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The Secret Role of Privacy Leader as a Business Enabler

Annie Greenley-Giudici

3 Lessons to go From Privacy Leader to Business Enabler

Viewing a privacy leader as a business enabler – not just a leader who focuses on providing compliance, policy, and legal guidance – it’s critical to your organization’s success. Data privacy doesn’t happen by accident.

To establish a culture of privacy in any organization, all leaders, including the CEO, must set an example.

The Privacy Leader as a Business Enabler

Here are three lessons for all business leaders turned privacy enablers to learn.

Be a Counselor

Regardless of an organization’s maturity in governing data, protecting data, or implementing a privacy program, business teams must focus on delivering business results.

Business units may feel they don’t have time to worry about data privacy regulations and processes that detract them from that focus.

What they need is a counselor – someone who helps them think through their business needs for the data and the business risks associated with not governing and protecting the data effectively and sustainably.

How can you be a counselor? 

Have a Conversation

Seek to understand what the business wants to do with personal data: What are their goals? What do they want to achieve? What data do they believe are needed for that purpose? Do they think they might want to do with the data in the future?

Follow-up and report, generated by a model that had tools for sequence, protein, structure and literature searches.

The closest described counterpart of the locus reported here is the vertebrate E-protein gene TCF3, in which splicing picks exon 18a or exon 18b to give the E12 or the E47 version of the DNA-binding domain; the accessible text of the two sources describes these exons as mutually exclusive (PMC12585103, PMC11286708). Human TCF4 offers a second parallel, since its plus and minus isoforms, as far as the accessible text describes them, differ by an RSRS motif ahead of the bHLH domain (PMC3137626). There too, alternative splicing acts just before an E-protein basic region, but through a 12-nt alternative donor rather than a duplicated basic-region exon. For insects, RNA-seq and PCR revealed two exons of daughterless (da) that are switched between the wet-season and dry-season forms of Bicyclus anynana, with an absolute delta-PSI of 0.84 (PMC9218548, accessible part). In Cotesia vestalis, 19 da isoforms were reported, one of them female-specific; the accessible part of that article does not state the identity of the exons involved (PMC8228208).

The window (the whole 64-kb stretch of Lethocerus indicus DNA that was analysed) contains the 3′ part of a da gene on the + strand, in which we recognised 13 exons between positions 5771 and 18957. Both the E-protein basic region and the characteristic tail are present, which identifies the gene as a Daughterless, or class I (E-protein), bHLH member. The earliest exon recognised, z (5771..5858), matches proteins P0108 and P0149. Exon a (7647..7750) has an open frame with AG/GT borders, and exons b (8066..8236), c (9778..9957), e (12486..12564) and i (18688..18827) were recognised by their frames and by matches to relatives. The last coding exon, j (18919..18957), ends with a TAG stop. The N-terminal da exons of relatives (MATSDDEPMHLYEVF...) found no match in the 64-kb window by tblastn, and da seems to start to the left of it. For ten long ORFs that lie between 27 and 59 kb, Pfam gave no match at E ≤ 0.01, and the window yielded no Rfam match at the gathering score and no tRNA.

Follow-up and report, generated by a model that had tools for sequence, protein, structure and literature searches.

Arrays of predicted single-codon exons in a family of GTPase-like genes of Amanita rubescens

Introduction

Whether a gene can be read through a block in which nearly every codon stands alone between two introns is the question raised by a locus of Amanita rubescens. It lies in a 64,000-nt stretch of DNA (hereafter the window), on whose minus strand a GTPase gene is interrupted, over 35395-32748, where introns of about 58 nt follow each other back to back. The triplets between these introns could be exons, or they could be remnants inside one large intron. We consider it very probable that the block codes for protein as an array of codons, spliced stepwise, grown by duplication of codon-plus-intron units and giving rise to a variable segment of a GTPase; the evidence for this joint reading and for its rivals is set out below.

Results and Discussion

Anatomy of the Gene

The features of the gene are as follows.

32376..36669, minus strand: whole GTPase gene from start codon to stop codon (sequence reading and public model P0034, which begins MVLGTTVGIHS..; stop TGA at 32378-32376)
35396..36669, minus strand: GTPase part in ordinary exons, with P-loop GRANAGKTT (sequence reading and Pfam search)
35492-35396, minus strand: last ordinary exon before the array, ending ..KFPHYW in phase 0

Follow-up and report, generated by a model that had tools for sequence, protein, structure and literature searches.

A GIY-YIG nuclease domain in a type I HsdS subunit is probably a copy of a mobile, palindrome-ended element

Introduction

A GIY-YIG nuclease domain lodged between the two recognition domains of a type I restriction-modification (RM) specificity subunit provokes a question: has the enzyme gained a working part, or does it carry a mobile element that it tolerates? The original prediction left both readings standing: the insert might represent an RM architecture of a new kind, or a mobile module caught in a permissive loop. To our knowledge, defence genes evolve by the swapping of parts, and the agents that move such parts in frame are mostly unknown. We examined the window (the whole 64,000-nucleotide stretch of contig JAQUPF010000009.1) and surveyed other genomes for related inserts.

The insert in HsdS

Based on your discussions with them about the value of the data to them, help them understand the risks associated with not protecting the data.

Transparent Communication

Help them envision transparency tools, such as notice, consent, and account management for individual rights like access and correction, to meet broader communications objectives for projects.

For example, a newsletter might be a vehicle to deliver a required privacy notice as well as a mechanism to invite the recipient to consent to additional other types of interactions with the organization.

Choose the Best Vendors

Business teams often will be guided for expense management reasons to select vendors primarily based on cost.

Often, however, the lowest cost vendors are ill equipped to support the risk management and regulatory obligations for which the business is responsible.

Worse yet, some business teams don’t realize that their data responsibilities and liability doesn’t end when data is in the hands of the vendor.

Guiding the business to select vendors that appropriately balance cost and mitigate risk will help prevent data breaches and other liability problems that can obliterate any immediate cost savings.

Build Sustainable Solutions

Not all organizations are ready to put robust, sustainable data privacy solutions in place. Some are only resourced to handle obligations on an initial ad hoc basis. Others are moving up the maturity curve toward repeatable, defined, managed, and optimized.

Business Isn’t Static